Letters for January 2, 2003
Motivation check, please
Re “Inside the Pyramid” by Heidi Kriz (SN&R Cover, December 19):
This is for all the Women Helping Women ladies:
Want the “excitement” and to feel the “attraction” of “helping other struggling women”?
I am a working student, with a cat in need of dental work and only an ’85 Dodge Omni on the street (no garage). Please send $625 to me at [address withheld by editors]. I promise I will never give you any money in return.
It’s perfectly legal. I’ll give it a month, and then I’ll tell Heidi Kriz how right she is about the motivations of the Women Helping Women participants.
Iraqi News & Review?
Re “George W., Let Them Work,” (SN&R Editorial, December 19):
Boy, are you duped again! The United States, the British and the United Nations all feel confident that Iraq has weapons of mass destruction, but you choose to follow the idiotic ramblings of wishful traitors like MoveOn.org, who themselves should do the honorable thing and leave this country. The colonists who supported the Brits during the Revolutionary War did! (That they might have been shot might be part of the reason why they left and went to Canada and other places.)
Does somebody have to beat you over the head, or do people have to die before you believe?
Read the December 6 issue of the Wall Street Journal. I have a copy if you want to be enlightened. Get your head out of your ass and stop appealing to the counterculture and giving away free newspapers with lucrative, paid advertising.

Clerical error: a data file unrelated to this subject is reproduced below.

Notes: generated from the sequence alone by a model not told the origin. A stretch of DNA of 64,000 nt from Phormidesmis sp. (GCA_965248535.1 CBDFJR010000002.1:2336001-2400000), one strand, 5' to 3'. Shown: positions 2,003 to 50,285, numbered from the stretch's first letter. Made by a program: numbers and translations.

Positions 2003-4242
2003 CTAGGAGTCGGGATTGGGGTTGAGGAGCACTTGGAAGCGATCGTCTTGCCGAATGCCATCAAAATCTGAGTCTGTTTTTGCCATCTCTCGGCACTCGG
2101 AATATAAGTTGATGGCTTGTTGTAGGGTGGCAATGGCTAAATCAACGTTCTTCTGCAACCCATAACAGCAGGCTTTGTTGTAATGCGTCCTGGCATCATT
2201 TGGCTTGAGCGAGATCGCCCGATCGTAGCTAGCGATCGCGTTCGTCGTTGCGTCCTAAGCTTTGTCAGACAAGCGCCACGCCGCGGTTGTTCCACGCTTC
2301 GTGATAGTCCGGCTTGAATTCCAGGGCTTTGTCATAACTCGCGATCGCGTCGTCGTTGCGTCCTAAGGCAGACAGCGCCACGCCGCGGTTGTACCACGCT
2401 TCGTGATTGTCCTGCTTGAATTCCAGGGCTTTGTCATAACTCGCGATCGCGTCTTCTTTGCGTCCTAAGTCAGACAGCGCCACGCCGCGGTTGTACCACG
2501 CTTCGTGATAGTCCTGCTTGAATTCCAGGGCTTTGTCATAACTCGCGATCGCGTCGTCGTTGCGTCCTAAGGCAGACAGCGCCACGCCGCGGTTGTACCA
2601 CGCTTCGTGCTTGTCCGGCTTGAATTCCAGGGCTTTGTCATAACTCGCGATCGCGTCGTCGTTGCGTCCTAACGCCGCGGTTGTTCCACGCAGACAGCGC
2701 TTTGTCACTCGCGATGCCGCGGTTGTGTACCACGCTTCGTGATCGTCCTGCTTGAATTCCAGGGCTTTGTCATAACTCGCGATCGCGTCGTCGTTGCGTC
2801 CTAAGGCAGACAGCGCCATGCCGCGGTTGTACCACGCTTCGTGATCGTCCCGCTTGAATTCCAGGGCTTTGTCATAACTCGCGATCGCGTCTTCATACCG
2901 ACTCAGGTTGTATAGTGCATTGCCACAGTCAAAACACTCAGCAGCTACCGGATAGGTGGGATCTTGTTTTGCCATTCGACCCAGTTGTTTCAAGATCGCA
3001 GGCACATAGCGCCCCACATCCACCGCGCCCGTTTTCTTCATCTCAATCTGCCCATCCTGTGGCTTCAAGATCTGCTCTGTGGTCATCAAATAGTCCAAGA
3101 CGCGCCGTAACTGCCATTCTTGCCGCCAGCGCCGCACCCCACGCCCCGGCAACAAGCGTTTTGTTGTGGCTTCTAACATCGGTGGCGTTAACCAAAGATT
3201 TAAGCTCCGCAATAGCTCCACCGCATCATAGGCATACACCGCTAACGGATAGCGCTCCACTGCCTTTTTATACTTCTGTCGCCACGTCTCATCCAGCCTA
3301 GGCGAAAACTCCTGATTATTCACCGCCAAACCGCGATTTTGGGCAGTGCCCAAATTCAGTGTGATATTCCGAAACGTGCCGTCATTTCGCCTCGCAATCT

How much do you make a year to sell your soul and your country down the drain for slimy money?
Too bad you live here and not in Iraq or North Korea or Yemen or some other controlled country.
Support the president. You should do no less.
Personal is global
This column continues to present a refreshing spin on the traditional advice column. In these two recent offerings, with originality and creativity, Garcia took another “step” toward advising not solely on a personal scale, but with global consequences in mind.
With regard for how our actions in our own worlds affect our actions in our larger world, she gave concrete “advice” to live by in these troubled times. What a good holiday present to us readers.
Bravo, SN&R, for your continued stroke of distinction.
Re “DARPA Grand Challenge” by Jackson Griffith (SN&R In the Mix, December 5):
So, the same people who helped John Poindexter set up the Information Awareness Office are behind a robotic race. Poindexter is the disfavored force behind the whole Iran-Contra absurdity, and he is now working to create a super computer storehouse of detailed information about all Americans.
This wacko should not be involved in any government work, yet he’s been given an enormous budget.
DARPA is a bad idea, and these vehicles reek of offensive military activity.
Law, order and race
Re “A Down Market” by Chrisanne Beckner (SN&R Cover, December 5):
This is a factual article about Washington Market, and it’s a shame that it has increased an already negative “stigma” on the residents of Oak Park.
Oak Park is a very diverse neighborhood, and I believe that the majority of residents want to live in a safe and positive environment, but what I found most appalling was that the Sacramento police said they lacked resources to frequently patrol this high-crime area.
I do wonder: If this were a predominately white area, would they make this same statement? No! They would have eradicated this situation immediately. It’s time for the concerned and angry residents in this north area of Oak Park to put pressure on the police department, and for City Council member Hammond to take an aggressive, proactive approach to make this neighborhood safe for everyone.
Anthony D. Jordan
Good work on bats
Re “The Secret Lives of Bats” by Jeff Kearns (SN&R Cover, November 21):
I wanted to compliment SN&R on its article on bats. I thought it was really nicely done. It was well-balanced, with good information on the biology of bats as well as concerns about rabies. Great job!
Farm Advisor, Pest Management
University of California Cooperative Extension